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October 1976

Central Venous Pressure and Pulmonary Wedge Pressure: A Comparative Study in Anesthetized Surgical Patients

Author Affiliations

From the Department of Anesthesiology and Reanimation, Groupe Hospitalier Pitié-Salpétrière, Paris.

Arch Surg. 1976;111(10):1122-1125. doi:10.1001/archsurg.1976.01360280080013

• To determine the reliability of central venous pressure (CVP) as a guide to fluid therapy during an operation, repeated and simultaneous CVP and pulmonary wedge pressure (PWP) measurements were made with a Swan-Ganz catheter in 13 relatively elderly patients without obvious cardiac or respiratory disease.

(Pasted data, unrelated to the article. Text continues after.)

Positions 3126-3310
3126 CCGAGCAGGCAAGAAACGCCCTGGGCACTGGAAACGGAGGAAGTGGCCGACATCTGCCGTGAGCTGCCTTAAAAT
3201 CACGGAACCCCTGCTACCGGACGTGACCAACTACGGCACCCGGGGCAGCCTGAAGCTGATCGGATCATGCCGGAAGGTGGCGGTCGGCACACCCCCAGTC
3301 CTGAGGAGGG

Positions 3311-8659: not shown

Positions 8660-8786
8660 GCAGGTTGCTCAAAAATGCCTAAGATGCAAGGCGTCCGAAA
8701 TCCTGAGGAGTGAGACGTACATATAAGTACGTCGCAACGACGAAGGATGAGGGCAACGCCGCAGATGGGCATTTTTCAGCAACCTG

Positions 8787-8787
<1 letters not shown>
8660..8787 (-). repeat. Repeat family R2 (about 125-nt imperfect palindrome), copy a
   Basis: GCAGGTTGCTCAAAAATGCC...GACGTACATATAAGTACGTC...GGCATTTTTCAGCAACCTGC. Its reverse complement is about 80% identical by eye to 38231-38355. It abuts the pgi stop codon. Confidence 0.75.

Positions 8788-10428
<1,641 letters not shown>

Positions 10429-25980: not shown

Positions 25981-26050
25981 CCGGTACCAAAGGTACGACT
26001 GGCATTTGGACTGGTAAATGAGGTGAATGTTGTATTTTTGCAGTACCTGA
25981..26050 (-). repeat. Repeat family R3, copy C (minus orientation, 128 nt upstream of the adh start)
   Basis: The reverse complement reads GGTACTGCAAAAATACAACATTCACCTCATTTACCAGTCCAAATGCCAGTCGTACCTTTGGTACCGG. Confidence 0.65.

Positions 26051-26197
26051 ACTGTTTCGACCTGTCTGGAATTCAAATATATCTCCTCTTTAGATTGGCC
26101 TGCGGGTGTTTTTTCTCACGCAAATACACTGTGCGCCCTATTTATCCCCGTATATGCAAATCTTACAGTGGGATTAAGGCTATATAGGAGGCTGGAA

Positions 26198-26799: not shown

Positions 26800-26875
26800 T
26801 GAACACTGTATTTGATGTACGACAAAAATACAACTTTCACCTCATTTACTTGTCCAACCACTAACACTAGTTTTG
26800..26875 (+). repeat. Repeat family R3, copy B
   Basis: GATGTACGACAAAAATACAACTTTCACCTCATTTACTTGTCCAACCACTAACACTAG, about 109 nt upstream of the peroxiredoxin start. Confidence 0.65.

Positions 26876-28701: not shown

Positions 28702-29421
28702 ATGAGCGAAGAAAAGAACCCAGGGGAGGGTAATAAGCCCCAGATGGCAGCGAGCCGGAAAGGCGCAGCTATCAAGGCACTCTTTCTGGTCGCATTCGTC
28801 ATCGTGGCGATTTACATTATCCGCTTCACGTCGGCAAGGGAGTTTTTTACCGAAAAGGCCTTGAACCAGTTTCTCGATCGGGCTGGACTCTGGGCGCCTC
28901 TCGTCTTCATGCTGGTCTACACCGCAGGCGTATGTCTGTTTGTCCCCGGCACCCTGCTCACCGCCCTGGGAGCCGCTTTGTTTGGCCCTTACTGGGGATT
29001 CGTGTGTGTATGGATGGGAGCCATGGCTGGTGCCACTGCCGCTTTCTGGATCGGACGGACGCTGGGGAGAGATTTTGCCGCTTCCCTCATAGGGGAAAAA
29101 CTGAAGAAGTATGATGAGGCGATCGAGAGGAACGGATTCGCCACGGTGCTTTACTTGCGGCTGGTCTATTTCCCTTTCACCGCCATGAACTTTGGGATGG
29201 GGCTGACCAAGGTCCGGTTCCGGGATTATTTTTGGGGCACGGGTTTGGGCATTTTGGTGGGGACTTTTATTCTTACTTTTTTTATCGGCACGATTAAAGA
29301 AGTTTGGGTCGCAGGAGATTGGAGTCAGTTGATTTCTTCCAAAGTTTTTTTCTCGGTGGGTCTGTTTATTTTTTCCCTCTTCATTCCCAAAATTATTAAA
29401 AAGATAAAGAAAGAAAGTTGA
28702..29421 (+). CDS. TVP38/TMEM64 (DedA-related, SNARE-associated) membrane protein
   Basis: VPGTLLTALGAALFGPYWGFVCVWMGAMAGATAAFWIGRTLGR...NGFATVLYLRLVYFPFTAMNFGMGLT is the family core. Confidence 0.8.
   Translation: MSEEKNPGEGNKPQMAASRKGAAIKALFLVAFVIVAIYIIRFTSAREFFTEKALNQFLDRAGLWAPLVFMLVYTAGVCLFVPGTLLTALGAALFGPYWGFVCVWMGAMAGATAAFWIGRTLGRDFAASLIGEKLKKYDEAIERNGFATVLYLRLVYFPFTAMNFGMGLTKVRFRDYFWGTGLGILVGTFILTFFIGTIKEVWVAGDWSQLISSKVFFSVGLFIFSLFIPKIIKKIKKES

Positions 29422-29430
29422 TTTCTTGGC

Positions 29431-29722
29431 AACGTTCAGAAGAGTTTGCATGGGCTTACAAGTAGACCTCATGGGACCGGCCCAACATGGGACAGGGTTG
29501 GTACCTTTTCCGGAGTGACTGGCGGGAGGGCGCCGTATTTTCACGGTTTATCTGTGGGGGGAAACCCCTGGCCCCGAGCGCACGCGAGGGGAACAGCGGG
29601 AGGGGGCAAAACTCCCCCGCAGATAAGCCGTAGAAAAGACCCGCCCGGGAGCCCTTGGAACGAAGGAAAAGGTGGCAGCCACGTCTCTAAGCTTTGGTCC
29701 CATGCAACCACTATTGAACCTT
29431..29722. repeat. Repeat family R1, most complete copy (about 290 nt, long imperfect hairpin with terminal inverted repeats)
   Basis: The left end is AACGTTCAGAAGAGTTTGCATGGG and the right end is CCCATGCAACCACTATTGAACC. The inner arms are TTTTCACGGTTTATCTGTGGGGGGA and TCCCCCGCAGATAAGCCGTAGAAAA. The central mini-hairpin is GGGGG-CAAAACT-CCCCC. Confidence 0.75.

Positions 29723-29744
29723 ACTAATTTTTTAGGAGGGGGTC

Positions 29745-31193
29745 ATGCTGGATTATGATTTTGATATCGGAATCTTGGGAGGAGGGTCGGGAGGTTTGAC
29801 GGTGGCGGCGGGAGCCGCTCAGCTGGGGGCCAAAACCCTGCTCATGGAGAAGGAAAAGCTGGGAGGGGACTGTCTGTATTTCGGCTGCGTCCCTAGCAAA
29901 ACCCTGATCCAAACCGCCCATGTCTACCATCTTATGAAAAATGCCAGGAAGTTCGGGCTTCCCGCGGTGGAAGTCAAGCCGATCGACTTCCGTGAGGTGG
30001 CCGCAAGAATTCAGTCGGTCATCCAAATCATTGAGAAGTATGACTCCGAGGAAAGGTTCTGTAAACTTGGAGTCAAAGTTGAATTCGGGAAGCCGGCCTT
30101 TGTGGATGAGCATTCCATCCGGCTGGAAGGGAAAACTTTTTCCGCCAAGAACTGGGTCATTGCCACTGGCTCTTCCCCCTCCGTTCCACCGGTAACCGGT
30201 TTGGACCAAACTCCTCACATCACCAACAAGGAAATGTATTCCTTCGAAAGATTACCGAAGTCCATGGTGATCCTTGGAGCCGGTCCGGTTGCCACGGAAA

Overall correlation between CVP and PWP was highly significant (P<.001); there was, however, an important variation of the correlation for each patient. For values of CVP≥8 mm Hg, the correlation was not significant. The disparity between right and left ventricular filling pressures was confirmed by the relationship between serial changes in CVP and PWP.

These data strongly suggest that in relatively elderly patients undergoing surgery without evidence of cardiac or respiratory disease, CVP may be a misleading index for appreciating PWP.

(Arch Surg 111:1122-1125, 1976)